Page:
The growing influence of low-cost "curbside" bus service
A BoltBus is seen leaving Manhattan for Washington D.C., Aug. 4, 2008 in New York City.
Bob Moon: A new study out today says the fastest growing way to travel between cities in the U.S. is discount bus. We're talking a new breed of bus with flashy names like Megabus and Bolt Bus.
As Alex Goldmark reports, they're stealing passengers from Amtrak and the airlines.
Alex Goldmark: Megabus rents this parking lot on Manhattan's far west side, two blocks from the Lincoln Tunnel. But the company doesn't store its blue double-decker buses here, just passengers -- hundreds of them lined in the scorching sun. They're under temporary green awnings waiting for rides to Syracuse, Buffalo, Toronto and elsewhere in the Northeast.
Paul Cormier: I'm going from New York to Providence for $9.50, and that includes taxes.
Paul Cormier booked more than a month ago for his vacation. Student Nelou Rahai is on a last-minute trip to D.C. That's exactly why she's taking the bus. She paid $23, round-trip.
Nelou Rahai: So like if I buy the train like three days before my trip, it's really expensive, whereas the bus isn't. But if I book ahead of time, like at least two weeks before I want to go, I'll take the train.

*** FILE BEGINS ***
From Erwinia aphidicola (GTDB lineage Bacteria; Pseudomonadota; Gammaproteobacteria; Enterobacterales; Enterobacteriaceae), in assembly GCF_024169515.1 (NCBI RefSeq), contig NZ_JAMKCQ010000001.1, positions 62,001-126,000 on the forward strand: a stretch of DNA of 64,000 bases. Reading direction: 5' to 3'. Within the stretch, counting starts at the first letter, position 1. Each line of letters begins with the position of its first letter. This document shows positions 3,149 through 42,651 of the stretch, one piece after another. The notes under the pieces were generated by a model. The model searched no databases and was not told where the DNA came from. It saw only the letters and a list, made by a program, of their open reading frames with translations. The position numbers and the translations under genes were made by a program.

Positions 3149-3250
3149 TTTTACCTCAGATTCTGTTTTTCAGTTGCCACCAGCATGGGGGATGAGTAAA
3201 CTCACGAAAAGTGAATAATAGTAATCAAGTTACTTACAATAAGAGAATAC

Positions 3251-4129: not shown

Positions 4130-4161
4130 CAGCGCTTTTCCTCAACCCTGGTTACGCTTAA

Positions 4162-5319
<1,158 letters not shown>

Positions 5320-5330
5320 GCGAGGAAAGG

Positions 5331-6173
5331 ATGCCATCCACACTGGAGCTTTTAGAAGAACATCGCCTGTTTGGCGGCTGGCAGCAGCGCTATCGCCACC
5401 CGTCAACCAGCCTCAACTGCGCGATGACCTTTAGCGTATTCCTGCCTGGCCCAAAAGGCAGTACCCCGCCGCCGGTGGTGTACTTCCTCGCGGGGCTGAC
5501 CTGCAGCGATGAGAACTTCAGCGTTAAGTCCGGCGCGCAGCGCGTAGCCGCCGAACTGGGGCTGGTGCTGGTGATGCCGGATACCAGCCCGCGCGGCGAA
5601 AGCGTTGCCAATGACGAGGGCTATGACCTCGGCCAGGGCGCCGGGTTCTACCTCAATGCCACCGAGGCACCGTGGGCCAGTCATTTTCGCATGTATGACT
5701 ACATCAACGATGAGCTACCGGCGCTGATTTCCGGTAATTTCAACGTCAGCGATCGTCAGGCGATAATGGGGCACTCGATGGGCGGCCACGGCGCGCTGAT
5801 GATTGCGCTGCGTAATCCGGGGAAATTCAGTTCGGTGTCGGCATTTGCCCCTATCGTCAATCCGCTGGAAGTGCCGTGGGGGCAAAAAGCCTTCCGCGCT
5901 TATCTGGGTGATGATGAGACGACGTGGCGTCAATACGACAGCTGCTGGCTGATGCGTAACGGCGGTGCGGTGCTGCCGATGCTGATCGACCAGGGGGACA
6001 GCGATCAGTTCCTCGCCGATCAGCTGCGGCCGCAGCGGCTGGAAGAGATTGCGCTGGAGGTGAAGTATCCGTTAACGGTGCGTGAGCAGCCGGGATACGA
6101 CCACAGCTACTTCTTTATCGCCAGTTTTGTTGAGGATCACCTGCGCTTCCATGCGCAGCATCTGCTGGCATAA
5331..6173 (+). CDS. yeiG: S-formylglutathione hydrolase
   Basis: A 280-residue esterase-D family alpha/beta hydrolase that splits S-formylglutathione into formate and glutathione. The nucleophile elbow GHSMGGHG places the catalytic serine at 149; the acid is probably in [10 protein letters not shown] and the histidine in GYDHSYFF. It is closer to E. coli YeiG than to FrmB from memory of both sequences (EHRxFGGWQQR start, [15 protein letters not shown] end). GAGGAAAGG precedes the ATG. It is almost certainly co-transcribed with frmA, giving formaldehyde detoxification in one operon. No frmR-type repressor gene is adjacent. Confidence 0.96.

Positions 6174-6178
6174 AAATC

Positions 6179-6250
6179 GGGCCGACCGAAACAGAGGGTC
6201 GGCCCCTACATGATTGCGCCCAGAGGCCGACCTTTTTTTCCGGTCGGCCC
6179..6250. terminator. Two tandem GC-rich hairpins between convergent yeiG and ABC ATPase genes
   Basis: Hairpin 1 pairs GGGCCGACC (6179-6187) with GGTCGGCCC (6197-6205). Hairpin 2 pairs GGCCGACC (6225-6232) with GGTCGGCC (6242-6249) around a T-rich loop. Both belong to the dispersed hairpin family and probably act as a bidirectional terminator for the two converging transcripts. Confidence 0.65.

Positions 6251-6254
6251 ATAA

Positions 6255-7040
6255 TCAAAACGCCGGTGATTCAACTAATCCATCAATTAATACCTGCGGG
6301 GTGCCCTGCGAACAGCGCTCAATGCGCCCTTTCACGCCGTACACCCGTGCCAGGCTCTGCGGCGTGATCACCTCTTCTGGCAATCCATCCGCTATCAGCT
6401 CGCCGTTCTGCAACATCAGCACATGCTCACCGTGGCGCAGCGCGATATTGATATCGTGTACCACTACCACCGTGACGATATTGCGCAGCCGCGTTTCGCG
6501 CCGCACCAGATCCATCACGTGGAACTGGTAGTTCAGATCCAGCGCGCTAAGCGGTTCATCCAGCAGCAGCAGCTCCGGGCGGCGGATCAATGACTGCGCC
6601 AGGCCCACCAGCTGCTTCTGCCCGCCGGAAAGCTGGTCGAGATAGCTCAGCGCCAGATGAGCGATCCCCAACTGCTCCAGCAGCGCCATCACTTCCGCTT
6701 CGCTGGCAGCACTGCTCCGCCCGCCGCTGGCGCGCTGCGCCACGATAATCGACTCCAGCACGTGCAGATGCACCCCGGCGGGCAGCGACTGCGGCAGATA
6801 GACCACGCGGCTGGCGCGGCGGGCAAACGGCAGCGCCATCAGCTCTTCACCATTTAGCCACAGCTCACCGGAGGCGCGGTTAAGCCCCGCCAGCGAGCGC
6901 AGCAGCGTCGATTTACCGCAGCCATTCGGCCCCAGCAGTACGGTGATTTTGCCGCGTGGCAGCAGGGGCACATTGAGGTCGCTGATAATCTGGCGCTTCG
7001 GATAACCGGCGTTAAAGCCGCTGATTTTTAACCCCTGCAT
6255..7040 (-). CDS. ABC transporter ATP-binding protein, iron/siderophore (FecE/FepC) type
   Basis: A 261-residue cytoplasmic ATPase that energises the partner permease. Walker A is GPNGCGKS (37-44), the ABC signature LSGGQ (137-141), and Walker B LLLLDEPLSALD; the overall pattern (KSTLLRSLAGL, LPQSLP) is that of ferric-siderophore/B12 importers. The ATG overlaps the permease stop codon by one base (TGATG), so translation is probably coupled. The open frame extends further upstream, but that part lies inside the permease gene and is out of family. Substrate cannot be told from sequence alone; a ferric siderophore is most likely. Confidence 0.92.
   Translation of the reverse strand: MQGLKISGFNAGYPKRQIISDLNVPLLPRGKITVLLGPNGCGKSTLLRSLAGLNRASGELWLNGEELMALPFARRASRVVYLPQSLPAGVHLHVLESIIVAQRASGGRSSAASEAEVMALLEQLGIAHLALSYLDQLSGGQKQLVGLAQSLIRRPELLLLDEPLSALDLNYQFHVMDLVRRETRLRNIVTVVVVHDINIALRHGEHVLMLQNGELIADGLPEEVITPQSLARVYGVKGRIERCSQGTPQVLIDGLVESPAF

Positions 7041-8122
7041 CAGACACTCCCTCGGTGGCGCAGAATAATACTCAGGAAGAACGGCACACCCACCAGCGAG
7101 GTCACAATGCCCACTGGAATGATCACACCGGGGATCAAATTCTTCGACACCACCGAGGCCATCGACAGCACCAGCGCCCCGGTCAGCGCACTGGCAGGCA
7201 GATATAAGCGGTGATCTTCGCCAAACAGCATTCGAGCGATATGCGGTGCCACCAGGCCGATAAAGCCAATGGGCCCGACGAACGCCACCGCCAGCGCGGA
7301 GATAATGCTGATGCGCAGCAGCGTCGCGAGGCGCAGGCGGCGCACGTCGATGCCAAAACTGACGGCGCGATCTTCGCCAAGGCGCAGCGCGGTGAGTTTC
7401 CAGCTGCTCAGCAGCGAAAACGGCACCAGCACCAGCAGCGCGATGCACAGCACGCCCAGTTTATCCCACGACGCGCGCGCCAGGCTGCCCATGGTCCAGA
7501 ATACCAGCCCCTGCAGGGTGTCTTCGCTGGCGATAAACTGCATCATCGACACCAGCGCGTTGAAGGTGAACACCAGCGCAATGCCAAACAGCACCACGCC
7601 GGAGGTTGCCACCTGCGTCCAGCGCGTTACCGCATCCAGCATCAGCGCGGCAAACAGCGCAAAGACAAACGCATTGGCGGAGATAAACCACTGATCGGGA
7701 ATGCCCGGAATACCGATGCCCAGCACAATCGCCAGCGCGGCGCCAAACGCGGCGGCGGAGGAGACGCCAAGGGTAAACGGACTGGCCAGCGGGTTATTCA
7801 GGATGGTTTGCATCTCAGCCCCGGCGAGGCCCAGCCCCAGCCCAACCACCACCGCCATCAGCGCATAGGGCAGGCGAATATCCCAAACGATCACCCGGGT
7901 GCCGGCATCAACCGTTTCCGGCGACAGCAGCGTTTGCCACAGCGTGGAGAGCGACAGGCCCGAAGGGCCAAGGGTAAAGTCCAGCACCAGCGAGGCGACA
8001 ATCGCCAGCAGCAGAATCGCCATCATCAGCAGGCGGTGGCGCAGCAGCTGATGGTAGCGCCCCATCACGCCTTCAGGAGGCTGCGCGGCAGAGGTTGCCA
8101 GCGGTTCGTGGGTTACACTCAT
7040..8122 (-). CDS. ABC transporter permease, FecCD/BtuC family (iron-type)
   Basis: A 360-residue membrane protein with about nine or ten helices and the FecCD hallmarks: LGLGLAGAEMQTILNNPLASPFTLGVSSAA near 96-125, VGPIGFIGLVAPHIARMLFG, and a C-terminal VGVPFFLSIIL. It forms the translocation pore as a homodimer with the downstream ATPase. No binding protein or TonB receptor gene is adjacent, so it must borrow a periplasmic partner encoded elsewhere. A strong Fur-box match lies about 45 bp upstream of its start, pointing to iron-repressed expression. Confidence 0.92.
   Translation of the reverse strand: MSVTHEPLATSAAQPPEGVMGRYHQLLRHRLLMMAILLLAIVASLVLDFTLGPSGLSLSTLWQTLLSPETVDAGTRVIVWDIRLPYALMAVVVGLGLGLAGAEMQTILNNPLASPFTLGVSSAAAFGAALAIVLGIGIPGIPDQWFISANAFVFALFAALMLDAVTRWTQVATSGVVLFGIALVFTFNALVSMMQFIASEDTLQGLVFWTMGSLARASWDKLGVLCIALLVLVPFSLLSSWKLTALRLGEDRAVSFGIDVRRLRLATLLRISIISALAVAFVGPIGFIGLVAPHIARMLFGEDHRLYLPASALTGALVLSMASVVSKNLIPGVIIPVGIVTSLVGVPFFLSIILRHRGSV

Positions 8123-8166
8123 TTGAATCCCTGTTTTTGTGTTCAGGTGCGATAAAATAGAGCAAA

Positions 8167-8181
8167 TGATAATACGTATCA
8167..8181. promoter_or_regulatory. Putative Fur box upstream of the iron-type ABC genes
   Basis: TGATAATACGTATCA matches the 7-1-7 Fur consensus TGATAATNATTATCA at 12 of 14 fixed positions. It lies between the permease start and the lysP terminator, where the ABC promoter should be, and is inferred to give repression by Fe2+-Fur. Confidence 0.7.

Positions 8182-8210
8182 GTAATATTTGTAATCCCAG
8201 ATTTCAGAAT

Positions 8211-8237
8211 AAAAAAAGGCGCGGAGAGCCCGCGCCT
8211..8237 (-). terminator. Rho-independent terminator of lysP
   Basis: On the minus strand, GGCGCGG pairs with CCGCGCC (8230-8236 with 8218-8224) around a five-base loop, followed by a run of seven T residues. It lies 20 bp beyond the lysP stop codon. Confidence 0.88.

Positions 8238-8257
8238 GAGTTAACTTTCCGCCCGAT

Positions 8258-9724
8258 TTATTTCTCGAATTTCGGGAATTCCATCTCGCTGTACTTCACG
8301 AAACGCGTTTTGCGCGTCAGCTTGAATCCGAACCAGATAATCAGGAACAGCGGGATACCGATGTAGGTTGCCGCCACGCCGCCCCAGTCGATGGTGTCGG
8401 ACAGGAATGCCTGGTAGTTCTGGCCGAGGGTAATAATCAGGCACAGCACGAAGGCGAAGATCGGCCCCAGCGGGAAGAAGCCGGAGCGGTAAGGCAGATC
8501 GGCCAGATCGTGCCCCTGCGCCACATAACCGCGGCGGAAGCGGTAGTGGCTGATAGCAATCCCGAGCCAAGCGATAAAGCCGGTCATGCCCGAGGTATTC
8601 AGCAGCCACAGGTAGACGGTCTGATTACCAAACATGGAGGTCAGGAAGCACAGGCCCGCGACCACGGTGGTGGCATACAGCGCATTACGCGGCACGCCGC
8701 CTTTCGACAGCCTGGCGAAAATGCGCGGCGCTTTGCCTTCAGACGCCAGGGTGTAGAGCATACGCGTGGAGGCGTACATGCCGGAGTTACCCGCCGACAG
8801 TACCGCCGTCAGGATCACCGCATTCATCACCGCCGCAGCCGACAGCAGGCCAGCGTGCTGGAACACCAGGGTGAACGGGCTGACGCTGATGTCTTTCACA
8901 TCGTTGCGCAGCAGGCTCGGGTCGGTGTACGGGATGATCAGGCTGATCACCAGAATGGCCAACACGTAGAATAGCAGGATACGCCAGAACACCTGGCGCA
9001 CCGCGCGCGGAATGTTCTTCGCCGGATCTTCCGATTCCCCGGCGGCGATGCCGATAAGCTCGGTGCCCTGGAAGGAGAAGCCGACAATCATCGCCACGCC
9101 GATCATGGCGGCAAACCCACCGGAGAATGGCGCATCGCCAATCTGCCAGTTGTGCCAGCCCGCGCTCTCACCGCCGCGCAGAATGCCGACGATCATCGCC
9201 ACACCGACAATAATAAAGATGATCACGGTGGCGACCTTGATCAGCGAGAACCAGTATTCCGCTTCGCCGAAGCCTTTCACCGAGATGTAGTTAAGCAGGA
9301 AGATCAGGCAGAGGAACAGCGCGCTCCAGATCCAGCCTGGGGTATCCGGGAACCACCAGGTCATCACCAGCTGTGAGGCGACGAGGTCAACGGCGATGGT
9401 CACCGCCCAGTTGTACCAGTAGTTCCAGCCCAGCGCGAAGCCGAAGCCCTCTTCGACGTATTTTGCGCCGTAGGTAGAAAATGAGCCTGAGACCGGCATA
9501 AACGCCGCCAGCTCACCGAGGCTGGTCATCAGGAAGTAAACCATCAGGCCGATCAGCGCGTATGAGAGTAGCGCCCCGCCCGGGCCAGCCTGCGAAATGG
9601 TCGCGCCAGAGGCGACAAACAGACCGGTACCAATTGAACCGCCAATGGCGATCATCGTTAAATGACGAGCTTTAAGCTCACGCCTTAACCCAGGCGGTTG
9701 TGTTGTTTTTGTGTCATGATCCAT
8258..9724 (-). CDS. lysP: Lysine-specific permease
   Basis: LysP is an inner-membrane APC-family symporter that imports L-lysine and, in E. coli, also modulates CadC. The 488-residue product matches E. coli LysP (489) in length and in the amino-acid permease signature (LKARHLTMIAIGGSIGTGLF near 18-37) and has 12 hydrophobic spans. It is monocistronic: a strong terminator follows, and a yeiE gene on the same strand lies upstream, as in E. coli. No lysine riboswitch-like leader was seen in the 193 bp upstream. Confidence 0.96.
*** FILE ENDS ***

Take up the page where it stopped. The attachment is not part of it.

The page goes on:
For example, three blocks away in Penn Station, she could catch Amtrak to D.C. It's usually faster, and runs about $100 round-trip -- if she books in advance.
Joe Schwieterman: Amtrak has lost a lot of business because of these bus companies.
Professor Joe Schwieterman and his team at DePaul University have surveyed discount bus passengers. Right now, it's mostly young people on personal travel that are choosing the bus over train.
Schwieterman: Now we're seeing there are people who have really changed their behavior: they're abandoning commercial flights, they're leaving Amtrak behind.
He says, about a third of bus riders would have otherwise taken the train. Mainly they like the low prices and perks like Wi-Fi. Amtrak wouldnt comment on tape for this story, but Robert Puentes of the Brookings Institution points out this isn't bad for the national rail network.
Robert Puentes: I don't think there's necessarily a problem.
He says Amtrak is experiencing record-high ridership. It's a good thing that more people are able to travel overall.
Puentes: Those who are being diverted are probably those who may have extra time to spare.
Business travelers, he points out, still overwhelmingly choose Amtrak.
In New York, I'm Alex Goldmark for Marketplace.